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Nanoscale movements of cellulose microfibrils in primary cell walls

An Author Correction to this article was published on 26 November 2020

This article has been updated

Abstract

The growing plant cell wall is commonly considered to be a fibre-reinforced structure whose strength, extensibility and anisotropy depend on the orientation of crystalline cellulose microfibrils, their bonding to the polysaccharide matrix and matrix viscoelasticity14. Structural reinforcement of the wall by stiff cellulose microfibrils is central to contemporary models of plant growth, mechanics and meristem dynamics412. Although passive microfibril reorientation during wall extension has been inferred from theory and from bulk measurements1315, nanometre-scale movements of individual microfibrils have not been directly observed. Here we combined nanometre-scale imaging of wet cell walls by atomic force microscopy (AFM) with a stretching device and endoglucanase treatment that induces wall stress relaxation and creep, mimicking wall behaviours during cell growth. Microfibril movements during forced mechanical extensions differ from those during creep of the enzymatically loosened wall. In addition to passive angular reorientation, we observed a diverse repertoire of microfibril movements that reveal the spatial scale of molecular connections between microfibrils. Our results show that wall loosening alters microfibril connectivity, enabling microfibril dynamics not seen during mechanical stretch. These insights into microfibril movements and connectivities need to be incorporated into refined models of plant cell wall structure, growth and morphogenesis.

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Figure 1: Microfibril reorientations during different modes of cell wall extension.
Figure 2: Diversity of individual microfibril movements during cell wall extension.
Figure 3: Modulus maps of cell wall surface after different modes of extension.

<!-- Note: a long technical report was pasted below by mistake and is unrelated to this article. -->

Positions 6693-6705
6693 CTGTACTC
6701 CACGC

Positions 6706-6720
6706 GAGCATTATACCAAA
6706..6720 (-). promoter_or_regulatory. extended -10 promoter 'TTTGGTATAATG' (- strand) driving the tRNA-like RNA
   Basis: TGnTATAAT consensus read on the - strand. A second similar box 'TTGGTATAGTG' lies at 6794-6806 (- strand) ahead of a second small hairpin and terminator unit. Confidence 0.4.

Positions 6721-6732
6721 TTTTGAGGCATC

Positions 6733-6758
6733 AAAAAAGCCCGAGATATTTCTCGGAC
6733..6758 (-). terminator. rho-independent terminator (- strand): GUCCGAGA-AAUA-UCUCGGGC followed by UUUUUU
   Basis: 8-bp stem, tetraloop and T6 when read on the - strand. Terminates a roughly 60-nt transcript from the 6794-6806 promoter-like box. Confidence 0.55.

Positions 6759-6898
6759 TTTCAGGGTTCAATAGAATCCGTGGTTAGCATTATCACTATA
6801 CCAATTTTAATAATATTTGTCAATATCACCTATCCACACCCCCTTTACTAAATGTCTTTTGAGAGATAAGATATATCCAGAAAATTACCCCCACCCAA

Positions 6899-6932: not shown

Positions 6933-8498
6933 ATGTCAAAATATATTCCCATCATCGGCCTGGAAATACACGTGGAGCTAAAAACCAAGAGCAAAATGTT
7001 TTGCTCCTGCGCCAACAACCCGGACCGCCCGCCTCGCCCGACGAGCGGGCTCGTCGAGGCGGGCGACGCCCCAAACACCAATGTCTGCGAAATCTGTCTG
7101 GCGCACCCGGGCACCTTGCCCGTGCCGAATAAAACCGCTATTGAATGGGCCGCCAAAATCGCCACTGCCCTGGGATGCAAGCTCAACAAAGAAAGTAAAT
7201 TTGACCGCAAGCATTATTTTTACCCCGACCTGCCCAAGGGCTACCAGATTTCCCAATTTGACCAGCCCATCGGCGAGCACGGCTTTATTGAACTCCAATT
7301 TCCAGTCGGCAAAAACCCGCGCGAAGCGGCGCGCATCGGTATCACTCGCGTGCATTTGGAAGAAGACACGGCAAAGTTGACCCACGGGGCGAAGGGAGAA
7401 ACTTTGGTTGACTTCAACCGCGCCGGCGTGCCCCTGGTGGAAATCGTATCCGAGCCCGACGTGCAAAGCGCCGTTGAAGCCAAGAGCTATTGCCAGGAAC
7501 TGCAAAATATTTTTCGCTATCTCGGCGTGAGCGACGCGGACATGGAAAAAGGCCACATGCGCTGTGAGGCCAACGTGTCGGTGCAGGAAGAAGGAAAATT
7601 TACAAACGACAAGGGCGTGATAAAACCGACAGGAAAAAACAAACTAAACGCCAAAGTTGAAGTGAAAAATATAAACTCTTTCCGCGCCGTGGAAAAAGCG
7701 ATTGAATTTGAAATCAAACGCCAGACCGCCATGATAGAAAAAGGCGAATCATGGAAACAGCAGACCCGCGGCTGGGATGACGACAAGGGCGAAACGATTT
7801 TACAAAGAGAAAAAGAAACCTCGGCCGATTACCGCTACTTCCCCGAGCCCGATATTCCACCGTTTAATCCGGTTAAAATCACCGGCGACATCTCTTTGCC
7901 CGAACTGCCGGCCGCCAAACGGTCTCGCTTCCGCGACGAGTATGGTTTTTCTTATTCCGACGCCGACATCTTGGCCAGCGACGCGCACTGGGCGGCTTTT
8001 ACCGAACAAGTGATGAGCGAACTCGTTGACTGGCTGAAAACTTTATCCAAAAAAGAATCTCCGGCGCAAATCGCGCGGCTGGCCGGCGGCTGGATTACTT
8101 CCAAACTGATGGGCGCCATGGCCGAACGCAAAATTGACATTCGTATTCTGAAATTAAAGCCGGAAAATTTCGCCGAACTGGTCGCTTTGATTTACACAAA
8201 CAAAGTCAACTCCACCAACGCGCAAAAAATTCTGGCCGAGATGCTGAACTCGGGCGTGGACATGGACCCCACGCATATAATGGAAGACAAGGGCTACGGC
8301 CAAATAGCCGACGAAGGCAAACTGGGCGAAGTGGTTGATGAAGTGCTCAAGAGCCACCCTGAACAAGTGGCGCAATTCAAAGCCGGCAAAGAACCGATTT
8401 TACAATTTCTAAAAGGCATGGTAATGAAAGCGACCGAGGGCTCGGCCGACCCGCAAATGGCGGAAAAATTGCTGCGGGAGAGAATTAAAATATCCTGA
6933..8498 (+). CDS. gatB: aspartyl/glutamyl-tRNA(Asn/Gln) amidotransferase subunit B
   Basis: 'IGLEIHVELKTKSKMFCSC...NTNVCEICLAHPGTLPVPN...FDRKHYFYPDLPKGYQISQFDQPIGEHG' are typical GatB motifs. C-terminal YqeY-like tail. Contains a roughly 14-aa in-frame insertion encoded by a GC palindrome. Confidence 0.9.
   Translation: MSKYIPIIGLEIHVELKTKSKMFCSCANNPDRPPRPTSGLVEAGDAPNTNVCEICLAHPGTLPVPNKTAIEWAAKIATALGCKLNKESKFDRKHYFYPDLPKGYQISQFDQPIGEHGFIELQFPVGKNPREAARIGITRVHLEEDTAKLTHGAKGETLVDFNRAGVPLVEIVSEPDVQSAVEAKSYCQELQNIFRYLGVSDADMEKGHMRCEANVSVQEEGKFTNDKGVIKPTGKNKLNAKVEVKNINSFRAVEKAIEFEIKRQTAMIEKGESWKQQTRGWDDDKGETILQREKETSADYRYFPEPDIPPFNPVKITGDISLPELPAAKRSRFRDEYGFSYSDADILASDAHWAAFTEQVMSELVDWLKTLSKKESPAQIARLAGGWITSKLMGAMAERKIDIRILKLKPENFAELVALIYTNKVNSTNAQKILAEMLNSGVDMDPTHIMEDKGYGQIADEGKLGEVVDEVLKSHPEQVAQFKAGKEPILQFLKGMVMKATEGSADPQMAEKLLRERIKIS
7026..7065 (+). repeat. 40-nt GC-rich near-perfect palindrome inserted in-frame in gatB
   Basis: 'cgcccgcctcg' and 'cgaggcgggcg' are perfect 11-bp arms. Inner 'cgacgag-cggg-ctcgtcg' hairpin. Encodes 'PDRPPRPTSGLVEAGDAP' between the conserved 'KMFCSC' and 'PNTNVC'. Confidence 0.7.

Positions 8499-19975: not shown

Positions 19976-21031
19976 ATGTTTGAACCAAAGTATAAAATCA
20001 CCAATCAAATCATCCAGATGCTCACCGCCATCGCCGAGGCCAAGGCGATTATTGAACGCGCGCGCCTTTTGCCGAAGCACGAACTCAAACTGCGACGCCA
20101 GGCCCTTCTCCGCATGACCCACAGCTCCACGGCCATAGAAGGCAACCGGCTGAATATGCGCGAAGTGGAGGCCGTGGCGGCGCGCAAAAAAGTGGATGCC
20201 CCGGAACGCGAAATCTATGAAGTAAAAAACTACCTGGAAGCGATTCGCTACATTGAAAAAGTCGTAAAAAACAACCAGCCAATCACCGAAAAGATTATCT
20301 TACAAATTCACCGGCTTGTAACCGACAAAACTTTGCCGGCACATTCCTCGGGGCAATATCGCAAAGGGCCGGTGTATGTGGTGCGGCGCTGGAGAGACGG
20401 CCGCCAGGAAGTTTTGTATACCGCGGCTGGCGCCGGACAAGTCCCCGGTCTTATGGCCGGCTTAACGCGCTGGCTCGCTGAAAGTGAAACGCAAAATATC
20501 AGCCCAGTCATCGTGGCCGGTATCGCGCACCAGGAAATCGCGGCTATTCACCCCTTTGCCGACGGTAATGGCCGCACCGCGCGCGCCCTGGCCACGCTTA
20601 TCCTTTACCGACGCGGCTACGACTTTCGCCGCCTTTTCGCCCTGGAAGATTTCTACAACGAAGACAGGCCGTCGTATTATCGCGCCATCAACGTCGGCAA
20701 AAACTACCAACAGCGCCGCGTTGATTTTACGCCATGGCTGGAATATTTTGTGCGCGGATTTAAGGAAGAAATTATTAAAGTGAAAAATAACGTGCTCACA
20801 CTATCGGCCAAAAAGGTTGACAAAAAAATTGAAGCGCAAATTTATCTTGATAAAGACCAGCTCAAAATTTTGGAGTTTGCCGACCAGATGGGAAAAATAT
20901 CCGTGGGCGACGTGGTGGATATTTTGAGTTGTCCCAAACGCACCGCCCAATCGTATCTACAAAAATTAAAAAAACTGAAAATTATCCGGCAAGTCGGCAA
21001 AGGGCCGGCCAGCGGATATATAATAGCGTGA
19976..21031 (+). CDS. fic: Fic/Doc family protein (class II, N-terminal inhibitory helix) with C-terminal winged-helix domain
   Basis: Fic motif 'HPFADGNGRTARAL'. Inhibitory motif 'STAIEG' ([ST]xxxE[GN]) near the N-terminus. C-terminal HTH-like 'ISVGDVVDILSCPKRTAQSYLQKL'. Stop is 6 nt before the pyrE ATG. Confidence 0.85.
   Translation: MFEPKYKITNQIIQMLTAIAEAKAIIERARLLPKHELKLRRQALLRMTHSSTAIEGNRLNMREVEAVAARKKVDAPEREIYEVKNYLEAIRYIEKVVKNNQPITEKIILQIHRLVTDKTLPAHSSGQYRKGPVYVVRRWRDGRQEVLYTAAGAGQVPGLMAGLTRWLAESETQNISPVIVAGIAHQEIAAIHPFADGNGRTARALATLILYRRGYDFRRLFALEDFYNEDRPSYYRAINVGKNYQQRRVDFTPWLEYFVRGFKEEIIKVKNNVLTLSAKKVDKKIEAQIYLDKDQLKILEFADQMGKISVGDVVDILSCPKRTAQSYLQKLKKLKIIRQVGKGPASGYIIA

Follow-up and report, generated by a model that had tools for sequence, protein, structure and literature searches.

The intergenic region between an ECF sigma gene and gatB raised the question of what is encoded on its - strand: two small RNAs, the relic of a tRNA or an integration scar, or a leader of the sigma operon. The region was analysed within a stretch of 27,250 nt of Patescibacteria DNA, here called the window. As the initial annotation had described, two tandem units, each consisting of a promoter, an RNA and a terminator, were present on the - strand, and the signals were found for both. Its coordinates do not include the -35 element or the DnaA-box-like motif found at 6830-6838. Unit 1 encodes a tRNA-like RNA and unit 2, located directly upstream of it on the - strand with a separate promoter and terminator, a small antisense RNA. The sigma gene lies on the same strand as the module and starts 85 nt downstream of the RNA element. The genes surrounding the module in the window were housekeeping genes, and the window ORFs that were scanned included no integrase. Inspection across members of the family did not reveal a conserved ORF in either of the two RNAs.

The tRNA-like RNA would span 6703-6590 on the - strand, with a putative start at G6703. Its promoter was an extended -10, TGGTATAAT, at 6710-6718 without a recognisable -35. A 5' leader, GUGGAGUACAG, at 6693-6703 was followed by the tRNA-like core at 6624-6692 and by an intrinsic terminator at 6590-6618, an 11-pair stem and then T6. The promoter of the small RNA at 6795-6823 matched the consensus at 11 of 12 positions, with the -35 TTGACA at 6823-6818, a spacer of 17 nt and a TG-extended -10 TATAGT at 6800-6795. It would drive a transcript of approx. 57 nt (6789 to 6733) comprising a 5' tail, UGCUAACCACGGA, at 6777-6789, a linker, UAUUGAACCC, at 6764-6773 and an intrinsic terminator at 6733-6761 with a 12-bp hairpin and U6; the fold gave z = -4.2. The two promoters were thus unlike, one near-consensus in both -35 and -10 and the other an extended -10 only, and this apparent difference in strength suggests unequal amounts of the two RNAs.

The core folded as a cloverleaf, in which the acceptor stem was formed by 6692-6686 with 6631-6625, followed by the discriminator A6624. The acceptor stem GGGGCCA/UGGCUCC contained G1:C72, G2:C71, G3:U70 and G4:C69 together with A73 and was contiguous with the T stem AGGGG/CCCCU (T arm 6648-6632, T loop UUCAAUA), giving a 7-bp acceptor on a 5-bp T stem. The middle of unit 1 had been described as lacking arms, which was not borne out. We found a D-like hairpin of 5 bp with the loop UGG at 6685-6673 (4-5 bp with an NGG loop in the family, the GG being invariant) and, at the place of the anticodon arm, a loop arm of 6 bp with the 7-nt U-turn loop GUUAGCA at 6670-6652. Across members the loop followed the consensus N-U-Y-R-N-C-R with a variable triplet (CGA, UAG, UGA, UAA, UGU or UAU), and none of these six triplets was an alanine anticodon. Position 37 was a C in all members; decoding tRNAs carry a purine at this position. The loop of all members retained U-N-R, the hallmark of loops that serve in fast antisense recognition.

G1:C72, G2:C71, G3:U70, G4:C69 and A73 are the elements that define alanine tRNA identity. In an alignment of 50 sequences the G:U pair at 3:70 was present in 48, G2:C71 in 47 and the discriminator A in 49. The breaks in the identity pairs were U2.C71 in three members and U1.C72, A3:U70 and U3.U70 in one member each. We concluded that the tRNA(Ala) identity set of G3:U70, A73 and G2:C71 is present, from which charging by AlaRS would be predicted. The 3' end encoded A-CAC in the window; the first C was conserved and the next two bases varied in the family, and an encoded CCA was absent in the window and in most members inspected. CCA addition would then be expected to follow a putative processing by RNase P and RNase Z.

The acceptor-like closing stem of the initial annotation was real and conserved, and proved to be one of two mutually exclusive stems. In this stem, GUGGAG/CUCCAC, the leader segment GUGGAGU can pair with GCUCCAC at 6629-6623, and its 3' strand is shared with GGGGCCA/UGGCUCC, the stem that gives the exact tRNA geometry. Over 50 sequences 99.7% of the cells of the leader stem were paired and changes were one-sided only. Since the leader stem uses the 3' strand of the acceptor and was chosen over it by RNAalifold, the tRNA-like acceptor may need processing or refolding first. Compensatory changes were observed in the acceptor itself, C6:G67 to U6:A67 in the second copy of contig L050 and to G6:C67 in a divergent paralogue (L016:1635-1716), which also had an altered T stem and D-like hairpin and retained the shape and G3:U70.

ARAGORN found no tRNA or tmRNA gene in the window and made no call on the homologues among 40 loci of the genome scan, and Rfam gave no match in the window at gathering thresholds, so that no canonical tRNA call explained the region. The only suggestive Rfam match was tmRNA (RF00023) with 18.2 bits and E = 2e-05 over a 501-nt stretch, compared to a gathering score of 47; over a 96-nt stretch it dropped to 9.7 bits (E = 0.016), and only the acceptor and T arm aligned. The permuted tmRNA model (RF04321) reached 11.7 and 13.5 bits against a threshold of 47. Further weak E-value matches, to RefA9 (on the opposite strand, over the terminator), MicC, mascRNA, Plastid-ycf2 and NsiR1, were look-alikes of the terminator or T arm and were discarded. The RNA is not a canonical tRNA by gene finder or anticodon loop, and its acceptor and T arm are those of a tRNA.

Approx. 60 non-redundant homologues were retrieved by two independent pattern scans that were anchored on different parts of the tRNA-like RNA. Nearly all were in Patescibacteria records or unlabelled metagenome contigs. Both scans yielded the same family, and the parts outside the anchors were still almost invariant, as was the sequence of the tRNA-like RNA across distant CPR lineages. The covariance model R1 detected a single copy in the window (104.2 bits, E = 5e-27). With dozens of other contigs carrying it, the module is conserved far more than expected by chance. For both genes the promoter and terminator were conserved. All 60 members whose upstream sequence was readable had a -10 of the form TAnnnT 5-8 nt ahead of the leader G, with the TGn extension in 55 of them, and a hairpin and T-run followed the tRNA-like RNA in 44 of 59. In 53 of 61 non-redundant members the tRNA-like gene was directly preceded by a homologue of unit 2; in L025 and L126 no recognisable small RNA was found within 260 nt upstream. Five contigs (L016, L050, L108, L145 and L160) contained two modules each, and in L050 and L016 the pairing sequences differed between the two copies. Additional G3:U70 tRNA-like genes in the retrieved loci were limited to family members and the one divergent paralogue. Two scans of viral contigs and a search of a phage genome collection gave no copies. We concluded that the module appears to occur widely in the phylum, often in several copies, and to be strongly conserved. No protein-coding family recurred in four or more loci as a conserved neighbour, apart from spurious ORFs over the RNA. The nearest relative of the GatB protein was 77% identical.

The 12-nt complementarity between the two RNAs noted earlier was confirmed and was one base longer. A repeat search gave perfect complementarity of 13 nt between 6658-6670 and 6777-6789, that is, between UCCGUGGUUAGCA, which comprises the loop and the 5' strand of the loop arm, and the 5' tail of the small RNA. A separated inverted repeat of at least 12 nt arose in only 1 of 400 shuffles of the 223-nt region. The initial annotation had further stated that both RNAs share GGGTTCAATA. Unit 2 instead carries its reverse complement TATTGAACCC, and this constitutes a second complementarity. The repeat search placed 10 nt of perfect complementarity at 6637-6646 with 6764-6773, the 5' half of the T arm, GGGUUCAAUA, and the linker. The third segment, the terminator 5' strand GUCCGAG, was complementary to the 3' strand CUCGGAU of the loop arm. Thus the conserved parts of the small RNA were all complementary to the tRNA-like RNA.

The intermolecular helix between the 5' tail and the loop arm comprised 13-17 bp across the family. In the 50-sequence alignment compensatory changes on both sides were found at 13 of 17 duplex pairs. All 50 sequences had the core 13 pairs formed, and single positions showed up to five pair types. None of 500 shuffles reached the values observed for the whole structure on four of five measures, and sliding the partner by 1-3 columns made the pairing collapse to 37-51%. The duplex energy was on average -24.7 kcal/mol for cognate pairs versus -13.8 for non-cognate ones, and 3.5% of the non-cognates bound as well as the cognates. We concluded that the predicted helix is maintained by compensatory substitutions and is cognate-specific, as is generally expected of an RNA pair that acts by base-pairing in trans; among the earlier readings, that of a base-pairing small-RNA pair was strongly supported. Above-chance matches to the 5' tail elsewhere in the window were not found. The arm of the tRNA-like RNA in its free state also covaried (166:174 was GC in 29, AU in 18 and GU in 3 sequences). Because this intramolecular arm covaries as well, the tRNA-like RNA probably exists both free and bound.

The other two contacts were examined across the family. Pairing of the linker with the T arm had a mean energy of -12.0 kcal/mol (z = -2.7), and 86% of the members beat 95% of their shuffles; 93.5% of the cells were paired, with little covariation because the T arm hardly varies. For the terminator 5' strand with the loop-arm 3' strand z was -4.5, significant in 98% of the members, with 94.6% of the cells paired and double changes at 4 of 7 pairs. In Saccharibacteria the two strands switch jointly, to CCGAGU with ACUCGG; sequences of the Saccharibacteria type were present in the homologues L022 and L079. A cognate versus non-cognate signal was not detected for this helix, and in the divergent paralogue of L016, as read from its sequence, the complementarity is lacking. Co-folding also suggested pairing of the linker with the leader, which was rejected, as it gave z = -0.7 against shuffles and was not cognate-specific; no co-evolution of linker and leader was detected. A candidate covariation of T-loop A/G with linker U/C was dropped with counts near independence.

Change history

  • 26 November 2020

    A Correction to this paper has been published: https://doi.org/10.1038/nplants.2017.56.

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Acknowledgements

This work was supported as part of the Center for LignoCellulose Structure and Formation, an Energy Frontier Research Center funded by the US Department of Energy, Office of Science, Basic Energy Sciences under award no. DE-SC0001090. D.V. was supported by NIH grant R01GM098430. We thank E. Wagner, X. Wang, S. Kiemle and Y. B. Park for technical assistance.

Author information

Affiliations

Authors

Contributions

T.Z. carried out the AFM experiments and analysed the data. D.V. assisted with SOAX analysis of microfibril orientations. D.M.D. designed and built the AFM extensometer. D.J.C. designed the research and analysed the data. T.Z., D.J.C. and D.V. wrote the manuscript.

Corresponding author

Correspondence to Daniel J. Cosgrove.

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Competing interests

The authors declare no competing financial interests.

Supplementary information

Supplementary Information

Supplementary Figures 1-5, Legends for Supplementary Videos 1-4. (PDF 683 kb)

Supplementary Video 1

Animated GIF showing negligible microfibril movement during Cel12A-induced stress relaxation. (GIF 428 kb)

Supplementary Video 2

Animated GIF to compare microfibril positions before and after plastic extension. (GIF 716 kb)

Supplementary Video 3

Animated GIF showing microfibril movement during elastic extension. (GIF 686 kb)

Supplementary Video 4

Animated GIF showing microfibril movement during Cel12A-induced creep. (GIF 695 kb)

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Zhang, T., Vavylonis, D., Durachko, D. et al. Nanoscale movements of cellulose microfibrils in primary cell walls. Nature Plants 3, 17056 (2017). https://doi.org/10.1038/nplants.2017.56

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